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Sakhalin history. Tour to Sakhalin Island. Sakhalin Island tour. Trip to Sakhalin Island.




Sakhalin (Karafuto in Japanese) Island has a very old history. Geographically, this island, about the size of Scotland, is an offshore extension of the Sikhote-Alin Mountains in the southeast of Russia, though it looks just as much a northern extension of Japan.

The first Japanese settlers came across from Hokkaido in the early 1800s attracted by seas full of fish, whales and seals. The island already had local population (the Nivkhi, Oroki and Ainu peoples). In 1853 the Russian Government claimed Sakhalin as part of its campaign to secure the Amur region.

From the very beginning of Sakhalin colonization not only the Russians and Japanese 'paid attention' to this territory. According to historical data, the first Japanese expedition visited Sakhalin in 1635. By the end of the 18th century English and French explorers showed an interest in Sakhalin and the Kurils. In 1787, ships of the La Perouses expedition conducted their exploration. Jean Francois Galoup de la Perouse thus became the first European to sail into the Tatar Strait. The French sailors explored more than 700 kilometers of Sakhalin coastline and after a short stop the ships under La Perouse's command sailed from the Japanese Sea to the Sea of Okhotsk via the strait between Sakhalin and Hokkaido. This strait today bears his name.

In 1796-1797, the English captain William Robert Broughton explored the coastline of Sakhalin and the Kurils. Broughton sailed eight miles further than La Perouse up to the Tatar Straits and concluded that he was in a gulf surrounded by low, sandy shores. Thus appeared the theory that Sakhalin was a peninsula.

Anton Chekhov, the Russian writer and medical doctor, spent three months on Sakhalin in 1890, where he extensively researched the plight of the prisoners and the native population. The publication of his Sakhalin Island in 1895 highlighted the depravity of the situation in this remote corner of Russia and led to public protests that helped to close the penal colony.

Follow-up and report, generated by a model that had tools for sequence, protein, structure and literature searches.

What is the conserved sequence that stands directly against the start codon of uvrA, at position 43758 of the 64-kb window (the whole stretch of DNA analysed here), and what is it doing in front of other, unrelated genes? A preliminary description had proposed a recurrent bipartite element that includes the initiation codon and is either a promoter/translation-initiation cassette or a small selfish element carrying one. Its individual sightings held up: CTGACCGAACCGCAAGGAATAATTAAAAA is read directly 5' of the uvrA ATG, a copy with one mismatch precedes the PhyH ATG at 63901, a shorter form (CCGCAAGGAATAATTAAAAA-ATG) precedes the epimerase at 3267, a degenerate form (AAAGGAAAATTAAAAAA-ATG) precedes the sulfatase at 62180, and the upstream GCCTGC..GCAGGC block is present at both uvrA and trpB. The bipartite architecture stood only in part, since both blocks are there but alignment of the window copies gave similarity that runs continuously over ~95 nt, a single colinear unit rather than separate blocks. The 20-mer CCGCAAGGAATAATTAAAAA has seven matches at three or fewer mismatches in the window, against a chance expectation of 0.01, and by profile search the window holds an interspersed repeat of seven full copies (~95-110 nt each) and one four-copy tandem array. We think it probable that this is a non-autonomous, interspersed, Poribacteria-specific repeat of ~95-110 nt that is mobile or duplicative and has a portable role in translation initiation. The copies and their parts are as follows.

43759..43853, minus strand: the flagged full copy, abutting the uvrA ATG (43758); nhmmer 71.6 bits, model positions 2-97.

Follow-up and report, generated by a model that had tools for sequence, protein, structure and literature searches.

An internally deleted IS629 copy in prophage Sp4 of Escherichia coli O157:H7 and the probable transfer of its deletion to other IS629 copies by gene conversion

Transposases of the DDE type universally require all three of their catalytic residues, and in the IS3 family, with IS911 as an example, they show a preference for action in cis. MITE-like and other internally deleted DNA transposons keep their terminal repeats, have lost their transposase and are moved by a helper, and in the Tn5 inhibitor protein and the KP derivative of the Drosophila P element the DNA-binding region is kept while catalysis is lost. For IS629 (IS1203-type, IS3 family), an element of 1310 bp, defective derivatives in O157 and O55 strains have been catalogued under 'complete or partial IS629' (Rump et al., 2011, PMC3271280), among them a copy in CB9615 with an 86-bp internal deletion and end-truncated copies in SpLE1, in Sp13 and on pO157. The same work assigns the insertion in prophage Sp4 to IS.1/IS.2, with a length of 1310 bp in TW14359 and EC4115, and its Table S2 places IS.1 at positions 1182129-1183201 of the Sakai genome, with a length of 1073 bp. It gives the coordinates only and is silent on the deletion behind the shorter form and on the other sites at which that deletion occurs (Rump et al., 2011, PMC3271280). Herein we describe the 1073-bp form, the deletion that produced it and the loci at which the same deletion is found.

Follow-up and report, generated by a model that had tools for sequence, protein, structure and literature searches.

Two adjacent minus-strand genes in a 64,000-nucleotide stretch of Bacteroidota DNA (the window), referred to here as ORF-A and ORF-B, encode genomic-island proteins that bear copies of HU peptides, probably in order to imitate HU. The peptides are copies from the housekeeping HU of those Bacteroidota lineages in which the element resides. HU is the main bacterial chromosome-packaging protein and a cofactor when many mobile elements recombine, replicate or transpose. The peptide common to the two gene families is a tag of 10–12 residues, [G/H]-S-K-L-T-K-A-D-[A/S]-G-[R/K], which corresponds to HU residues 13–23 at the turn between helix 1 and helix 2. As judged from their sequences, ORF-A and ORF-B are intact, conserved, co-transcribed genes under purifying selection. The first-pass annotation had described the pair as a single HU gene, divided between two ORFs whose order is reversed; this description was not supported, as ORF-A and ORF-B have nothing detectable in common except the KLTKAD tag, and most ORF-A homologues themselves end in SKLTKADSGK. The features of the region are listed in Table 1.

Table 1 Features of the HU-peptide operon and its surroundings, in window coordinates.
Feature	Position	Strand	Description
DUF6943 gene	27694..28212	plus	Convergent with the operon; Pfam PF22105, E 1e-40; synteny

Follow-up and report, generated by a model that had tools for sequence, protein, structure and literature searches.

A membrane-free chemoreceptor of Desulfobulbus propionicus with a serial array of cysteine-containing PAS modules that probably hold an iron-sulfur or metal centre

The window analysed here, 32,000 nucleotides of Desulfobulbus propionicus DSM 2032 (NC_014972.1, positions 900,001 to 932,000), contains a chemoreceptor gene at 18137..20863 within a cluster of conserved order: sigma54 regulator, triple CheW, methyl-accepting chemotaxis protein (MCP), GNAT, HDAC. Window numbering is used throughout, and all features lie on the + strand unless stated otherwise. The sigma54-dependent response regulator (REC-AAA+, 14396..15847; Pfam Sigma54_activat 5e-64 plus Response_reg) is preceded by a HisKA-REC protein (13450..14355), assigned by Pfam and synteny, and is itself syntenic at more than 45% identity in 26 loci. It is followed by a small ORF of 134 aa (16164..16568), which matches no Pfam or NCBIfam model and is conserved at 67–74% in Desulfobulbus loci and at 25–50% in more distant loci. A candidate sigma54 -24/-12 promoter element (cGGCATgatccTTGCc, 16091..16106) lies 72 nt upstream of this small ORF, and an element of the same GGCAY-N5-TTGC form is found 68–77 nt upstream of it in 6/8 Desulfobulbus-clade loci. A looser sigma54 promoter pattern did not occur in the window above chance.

Owing to its remote location, the Island was chosen by the Russian Tsar as a huge penal colony, echoing Britains Botany Bay in Australia. Japan restaked its claim to the Island, seizing it during the Russo-Japanese War and getting to keep the southern part of the Island under the terms of the peace settlement (the Treaty of Portsmouth, 1905). The Treaty was rubbished when, during WWII, the Soviet Union regained control over Sakhalin. The Island became a highly militarized eastern outpost of the Soviet Empire loaded with aircrafts, missiles and guns.

Nowadays, Sakhalin is one of the richest sources of natural gas, coal, uranium and silver, as well as timbers, furs and a fine fishery.

Unfortunately, Sakhalin gained world attention in 1995 when it suffered one of the worst earthquakes in Russian history.

The majority of Sakhalins population lives on the southern half of the Island, centered mainly in the capital city of the region, Yuzhno Sakhalinsk, and the two ports, Kholmsk and Korsakov. The Sakhalin region also includes the Island of Moneron and the disputed Kuril chain.

Photo. Sakhalin Islands.

Photo. Sakhalin Islands.

Photo. Sakhalin Islands.

Photo. Sakhalin Islands.

Photo. Sakhalin Islands.

Photo. Sakhalin Islands.

Photo. Sakhalin Islands.

Photo. Sakhalin Islands.




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